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CHI 2013 参加報告

|◆ CHI 2013 参加報告

 Mehdy CHAILLOU(The University of Tokyo)

This year held in Paris at “Palais des Congres” between April 29th and
May 2nd, the ACM SIGCHI Conference on Human Factors in Computing Systems
is the premier international conference on human-computer interaction. CHI
2013 was about “changing perspectives”, drawing from the constantly
changing perspectives of the diverse CHI community and beyond.
This year’s CHI beat a record in attendance with more than 3400 people
coming from all over the world and a schedule made of sixteen parallel
events (Paper presentations, Panels, Courses, SIGs and special events),
seven times a day, with additional poster presentations, video
presentations and demos during coffee breaks. Days 3 and 4 ended with Job
fairs that included Microsoft, Facebook, Samsung, Google, Yahoo and many
other sponsors present. In this context, the iPhone/iPad/Android apps and
innovative public displays were very useful to the visitors for schedules
and maps.
A special keynote was also given by Vint Cerf from Google (“father” of
the internet), looking at the past and future of Computer-Human
Among submitted presentations and works from The University of Tokyo,
Yuki Ban and Takuji Narumi (Hirose-Tanikawa laboratory) have given a
presentation on Controlling Fatigue by Affecting Weight Perception using
Virtual Reality. Keita Higuchi and Jun Rekimoto (Rekimoto laboratory)
also presented their works on Unmanned Aerial Vehicle Control called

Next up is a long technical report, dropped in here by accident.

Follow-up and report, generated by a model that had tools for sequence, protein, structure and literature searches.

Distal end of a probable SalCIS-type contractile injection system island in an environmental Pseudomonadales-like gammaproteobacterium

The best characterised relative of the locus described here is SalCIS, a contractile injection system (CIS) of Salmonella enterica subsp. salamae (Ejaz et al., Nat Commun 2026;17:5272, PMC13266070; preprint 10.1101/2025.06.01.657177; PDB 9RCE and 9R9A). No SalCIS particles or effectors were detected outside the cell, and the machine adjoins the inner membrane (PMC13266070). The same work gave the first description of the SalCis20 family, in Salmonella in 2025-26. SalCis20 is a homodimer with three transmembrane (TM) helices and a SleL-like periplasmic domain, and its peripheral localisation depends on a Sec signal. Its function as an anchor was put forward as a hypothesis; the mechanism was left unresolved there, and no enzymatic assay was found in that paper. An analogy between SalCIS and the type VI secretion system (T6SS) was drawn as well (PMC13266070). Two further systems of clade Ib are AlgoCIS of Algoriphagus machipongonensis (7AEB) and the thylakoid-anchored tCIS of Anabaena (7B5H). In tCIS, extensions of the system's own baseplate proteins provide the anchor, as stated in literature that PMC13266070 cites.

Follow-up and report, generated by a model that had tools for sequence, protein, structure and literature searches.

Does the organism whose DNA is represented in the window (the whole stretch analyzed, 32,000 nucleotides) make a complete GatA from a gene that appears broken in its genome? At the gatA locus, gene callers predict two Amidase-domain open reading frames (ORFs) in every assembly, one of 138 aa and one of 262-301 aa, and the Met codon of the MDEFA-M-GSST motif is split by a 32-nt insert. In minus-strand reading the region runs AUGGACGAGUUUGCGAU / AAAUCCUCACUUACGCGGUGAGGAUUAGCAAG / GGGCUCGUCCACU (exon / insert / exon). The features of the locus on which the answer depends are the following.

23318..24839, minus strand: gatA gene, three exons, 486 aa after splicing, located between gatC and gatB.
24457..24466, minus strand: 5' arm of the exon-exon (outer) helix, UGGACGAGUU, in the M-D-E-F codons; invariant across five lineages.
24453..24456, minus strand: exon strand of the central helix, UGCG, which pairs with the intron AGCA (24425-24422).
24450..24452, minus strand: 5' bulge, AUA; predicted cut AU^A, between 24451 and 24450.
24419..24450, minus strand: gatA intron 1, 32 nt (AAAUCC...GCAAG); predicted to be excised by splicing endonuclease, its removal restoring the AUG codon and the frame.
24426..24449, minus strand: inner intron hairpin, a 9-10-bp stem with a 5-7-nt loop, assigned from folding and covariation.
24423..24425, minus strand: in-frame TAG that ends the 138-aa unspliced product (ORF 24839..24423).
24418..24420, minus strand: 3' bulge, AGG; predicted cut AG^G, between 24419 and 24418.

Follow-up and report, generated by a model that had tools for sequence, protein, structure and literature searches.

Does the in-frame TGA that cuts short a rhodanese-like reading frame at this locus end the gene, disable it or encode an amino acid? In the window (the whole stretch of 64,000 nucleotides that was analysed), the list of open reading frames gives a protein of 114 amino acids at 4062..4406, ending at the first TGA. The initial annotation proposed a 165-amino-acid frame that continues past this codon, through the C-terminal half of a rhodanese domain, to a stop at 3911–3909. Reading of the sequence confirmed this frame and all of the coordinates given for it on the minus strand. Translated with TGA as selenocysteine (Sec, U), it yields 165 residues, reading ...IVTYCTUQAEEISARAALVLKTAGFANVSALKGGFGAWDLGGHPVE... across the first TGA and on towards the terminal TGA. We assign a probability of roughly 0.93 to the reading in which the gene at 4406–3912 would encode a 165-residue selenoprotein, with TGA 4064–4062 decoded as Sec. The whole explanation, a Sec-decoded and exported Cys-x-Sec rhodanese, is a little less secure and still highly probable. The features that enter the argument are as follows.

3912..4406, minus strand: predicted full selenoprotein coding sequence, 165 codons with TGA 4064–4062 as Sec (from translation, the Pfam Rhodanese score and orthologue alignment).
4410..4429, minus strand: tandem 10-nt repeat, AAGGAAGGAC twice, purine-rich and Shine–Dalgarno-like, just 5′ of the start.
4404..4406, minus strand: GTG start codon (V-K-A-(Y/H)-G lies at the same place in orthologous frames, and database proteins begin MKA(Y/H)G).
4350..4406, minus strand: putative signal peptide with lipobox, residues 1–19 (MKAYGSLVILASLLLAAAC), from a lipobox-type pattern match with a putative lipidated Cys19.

Flying Head. Other prestigious Japanese universities (such as UEC, Ocha no
Mizu) and companies (NTT Labs, Sony,..) were also present at CHI for
papers, demos and poster presentations.
Many publications focused on displays (Nail display, Very large displays,
and extensions like the IllumiRoom augmenting the area surrounding a
television screen with projected visualizations) and social interactions
(Youtube, Facebook studies). Many projects that obtained an honorable
mention (such as GravitySpace, pressure-sensing of users in a smart room)
were also innovative and interesting. The increasing number of demos and
showcases during breaks at this year’s CHI was also well received by the
attendance. With nearly 2000 papers and an acceptance rate of 19%, CHI
2013 enabled (both in quantity and quality) the display of high-quality
projects from its presenters.
Next year’s CHI 2014 “One of a CHInd” will focus on diversity in the
field of Computer-Human interactions, and will be held in Toronto, Canada
from April 26th to May 1st, 2014.
More information at http://chi2014.acm.org/


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